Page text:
During that time, do you wish that you had more support or that more support was out there for you whether it was directly or indirectly that you knew that there was someone that you could reach out to? Or did you feel that you are scared to reach out?
I wish there had been people that would have noticed what was going on. I was going to school every single day, and I would sit in the school library before school started for over an hour. So the librarian was there, she saw me yeah. There were days where I would just get into the school and I would cry. You know, there were support workers and all the rest of it that you have at schools in the mid-90s in the UK, that never saw it. Fast forward to a little few years later, when I was in work, and I was referred to a psychologist, I was so scared that if I opened up about what I was really thinking inside, I was gonna lose my job, I had a target on my back, and some very bad eggs with poking me in the chest and blatantly saying ‘we're gonna get you discharged, we're gonna get you discharged, you're not going to have a job anymore. Your life is over.’ And so I had a family to support at that point. So there was whilst there was people there that could support me, I didn't feel comfortable going to them for support, because I was so scared that even the sheer mention of the word suicide, that was it, my career was over. I've had 25 years in my chosen profession to this point. And I've done some amazing things. But yeah, it was very scary, you know, reaching out and saying, you know, look, this is where I am, this is what I'm going through, and being scared to get the support that to get support, I needed to throw away an entire life. So in a way, if I was going to commit suicide, with why if I was going to take my own life, to ask for help was to commit suicide for my professional life. And he caught between a rock and a hard place, reaching out for help, at times didn't feel like an option. 30 years ago, no, there was no support. Even the teachers didn't recognise it. And there were signs. I look back on it now and I'm like, ‘How the hell did I not end up in a school psychologists office and how did I not end up being referred to a psychiatrist?’ It just was one of those things that was pushed to one side and I didn't mention, you know, being a victim of sexual assault, because we've all seen what's happened to those most poor souls going through the Royal Commission for abuse in the Catholic Church. It's, it's just one of those things. There was just more pressure that I couldn't possibly fight.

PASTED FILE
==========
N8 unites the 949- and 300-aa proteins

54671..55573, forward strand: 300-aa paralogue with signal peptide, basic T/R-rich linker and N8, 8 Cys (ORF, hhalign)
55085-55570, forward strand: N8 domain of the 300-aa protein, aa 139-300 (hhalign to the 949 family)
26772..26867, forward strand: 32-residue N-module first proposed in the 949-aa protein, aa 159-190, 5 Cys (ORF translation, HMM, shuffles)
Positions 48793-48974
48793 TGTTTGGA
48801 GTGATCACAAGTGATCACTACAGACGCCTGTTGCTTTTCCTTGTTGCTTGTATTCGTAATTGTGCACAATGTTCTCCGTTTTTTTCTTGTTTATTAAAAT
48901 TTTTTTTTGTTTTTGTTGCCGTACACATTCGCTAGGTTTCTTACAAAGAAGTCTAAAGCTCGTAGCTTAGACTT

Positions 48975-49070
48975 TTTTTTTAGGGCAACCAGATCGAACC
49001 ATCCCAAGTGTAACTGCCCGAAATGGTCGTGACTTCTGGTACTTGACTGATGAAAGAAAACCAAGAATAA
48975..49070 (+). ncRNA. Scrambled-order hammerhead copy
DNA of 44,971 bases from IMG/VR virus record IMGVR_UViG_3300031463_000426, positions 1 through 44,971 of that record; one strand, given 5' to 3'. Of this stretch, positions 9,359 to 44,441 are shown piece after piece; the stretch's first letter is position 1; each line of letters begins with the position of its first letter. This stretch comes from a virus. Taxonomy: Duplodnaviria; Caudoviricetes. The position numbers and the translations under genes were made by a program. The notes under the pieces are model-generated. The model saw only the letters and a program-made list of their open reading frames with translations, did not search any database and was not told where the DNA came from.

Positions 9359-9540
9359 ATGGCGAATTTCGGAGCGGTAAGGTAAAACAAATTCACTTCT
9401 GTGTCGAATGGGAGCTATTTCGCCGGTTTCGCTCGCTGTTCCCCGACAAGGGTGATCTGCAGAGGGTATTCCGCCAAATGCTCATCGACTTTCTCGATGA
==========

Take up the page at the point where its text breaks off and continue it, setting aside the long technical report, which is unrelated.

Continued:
You made an attempt on your life. Your grandfather found you. How old were you?
I was 13 at the time.
Okay. And then from 13 to before you started in the military?
I joined the military when I was 16. I joined British Army was as an apprentice soldier. So I was a young lad and through 2009 and then again into 2011 was a real really tough year that was for me when it comes to the dark path and the dark, dark space. And then over the last few years is the last sort of 10 years or so has been a journey well and truly back out into the light. And it's safe to say I've not thought about taking my own life now for several years, we're getting close, to a decade now. And just as every alcoholic says every day is, you know, without a drink is doesn't mean that I'm not an alcoholic. I'm just a recovering alcoholic, I'm still fighting, you know, the urge to not go down that dark path. But at the same time, it's been over 30 years of a journey.